Exactly three years ago, I posted a blog about male identity. It alluded to the importance of uniform in the working lives of many men. Even something like a suit can give self-confidence to the wearer and may instill authority and status in a business context.
All the more so when the uniform – like those of the emergency services – is also associated with an ‘important’ role, particular skills and expertise, and makes the wearer instantly recognisable in public places. As such uniforms may genuinely be described as life-savers in emergency situations.
Even work-wear such as a high-viz jacket says something about the wearer; I certainly tend to associate them with someone I assume knows more than me about the particular situation in which I find myself – whether it’s on a building site, in a traffic jam, or taking part in parkrun (at which I’m sometimes the high-viz wearer).
When I posted that blog in March 2015 we were about to get fleeces and polo shirts for the Shedders at The Repair Shed in Hemel Hempstead. Soon after the arrival of the bright red garments I realised that I should have brought them in much sooner. They’re practical – keeping Shed members warm, and their own clothes clean – but equally important I think, is the sense of ‘shared identity’ it gives the group. I’ve never asked, but I’d like to think that it gives wearers a sense of pride to be associated with others and, hopefully, a great commitment to the team effort.
Fast forward three years and this week I was talking about uniforms with a young person planning to ‘create a fashion brand’. We had an interesting discussion about the importance of labels – the literal brand. We established that designer labels, and people being seen wearing them, is about the wearer wanting to make a statement about themselves and to project an image (that may or may not be accurate).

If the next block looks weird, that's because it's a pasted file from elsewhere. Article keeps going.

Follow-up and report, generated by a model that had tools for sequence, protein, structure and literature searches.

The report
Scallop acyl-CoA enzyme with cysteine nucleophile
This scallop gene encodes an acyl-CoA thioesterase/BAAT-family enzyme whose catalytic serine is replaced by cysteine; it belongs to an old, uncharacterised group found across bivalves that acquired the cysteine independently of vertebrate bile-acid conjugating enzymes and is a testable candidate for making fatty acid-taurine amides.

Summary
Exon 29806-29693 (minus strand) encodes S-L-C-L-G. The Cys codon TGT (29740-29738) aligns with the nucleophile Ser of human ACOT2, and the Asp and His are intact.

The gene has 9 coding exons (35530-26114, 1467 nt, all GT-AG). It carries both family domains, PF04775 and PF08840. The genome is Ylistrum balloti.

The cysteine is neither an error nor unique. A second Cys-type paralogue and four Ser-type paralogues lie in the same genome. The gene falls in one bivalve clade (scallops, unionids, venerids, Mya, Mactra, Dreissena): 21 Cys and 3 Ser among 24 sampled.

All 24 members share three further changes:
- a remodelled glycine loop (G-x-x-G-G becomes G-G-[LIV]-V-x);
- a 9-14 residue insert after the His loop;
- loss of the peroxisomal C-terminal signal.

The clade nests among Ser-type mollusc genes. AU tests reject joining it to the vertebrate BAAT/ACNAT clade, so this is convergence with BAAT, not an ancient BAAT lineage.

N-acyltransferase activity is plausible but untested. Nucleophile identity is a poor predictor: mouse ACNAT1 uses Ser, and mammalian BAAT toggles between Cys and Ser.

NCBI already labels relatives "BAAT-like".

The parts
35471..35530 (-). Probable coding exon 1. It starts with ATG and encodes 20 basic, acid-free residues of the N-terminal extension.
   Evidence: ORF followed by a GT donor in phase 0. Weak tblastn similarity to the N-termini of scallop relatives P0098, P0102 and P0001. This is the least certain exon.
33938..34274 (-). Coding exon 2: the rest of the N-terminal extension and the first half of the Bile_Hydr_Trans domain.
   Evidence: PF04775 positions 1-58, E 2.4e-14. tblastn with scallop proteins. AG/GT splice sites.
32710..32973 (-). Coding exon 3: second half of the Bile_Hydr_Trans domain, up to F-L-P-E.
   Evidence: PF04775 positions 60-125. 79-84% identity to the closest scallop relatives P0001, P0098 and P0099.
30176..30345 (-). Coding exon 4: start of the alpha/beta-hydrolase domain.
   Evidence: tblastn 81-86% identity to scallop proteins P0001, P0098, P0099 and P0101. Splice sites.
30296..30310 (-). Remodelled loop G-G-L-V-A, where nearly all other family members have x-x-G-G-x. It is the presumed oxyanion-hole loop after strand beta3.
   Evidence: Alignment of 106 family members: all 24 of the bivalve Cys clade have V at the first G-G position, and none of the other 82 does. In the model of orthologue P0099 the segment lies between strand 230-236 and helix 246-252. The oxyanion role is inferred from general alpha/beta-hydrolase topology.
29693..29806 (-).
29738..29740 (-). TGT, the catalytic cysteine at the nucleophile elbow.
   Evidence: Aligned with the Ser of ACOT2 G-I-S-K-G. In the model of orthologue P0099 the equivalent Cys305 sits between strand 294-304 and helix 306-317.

We also concluded that fashion is a bit contradictory – while it unites people under certain style banners, those same people hope they’ll stand out in a crowd – so they want personal and group identity at the same time! We ended the conversation by noting that when a brand or style become too popular and the clothes become ubiquitous, there’s a natural (or is it orchestrated by the fashion industry?) search for something different. Note I say ‘different‘; fashion developments are not always new – as shown by the current trend for tears in jeans.
When the young entrepreneur works out what he means by ‘creating a fashion brand’ I think and hope he’ll go far. For a 20-year old who realised college was not for him he deserves to go far.
Men’s Sheds and male identity https://enterpriseessentials.wordpress.com/2015/03/09/mens-sheds-and-male-identity/
The Repair Shed www.facebook.com/TheRepairShed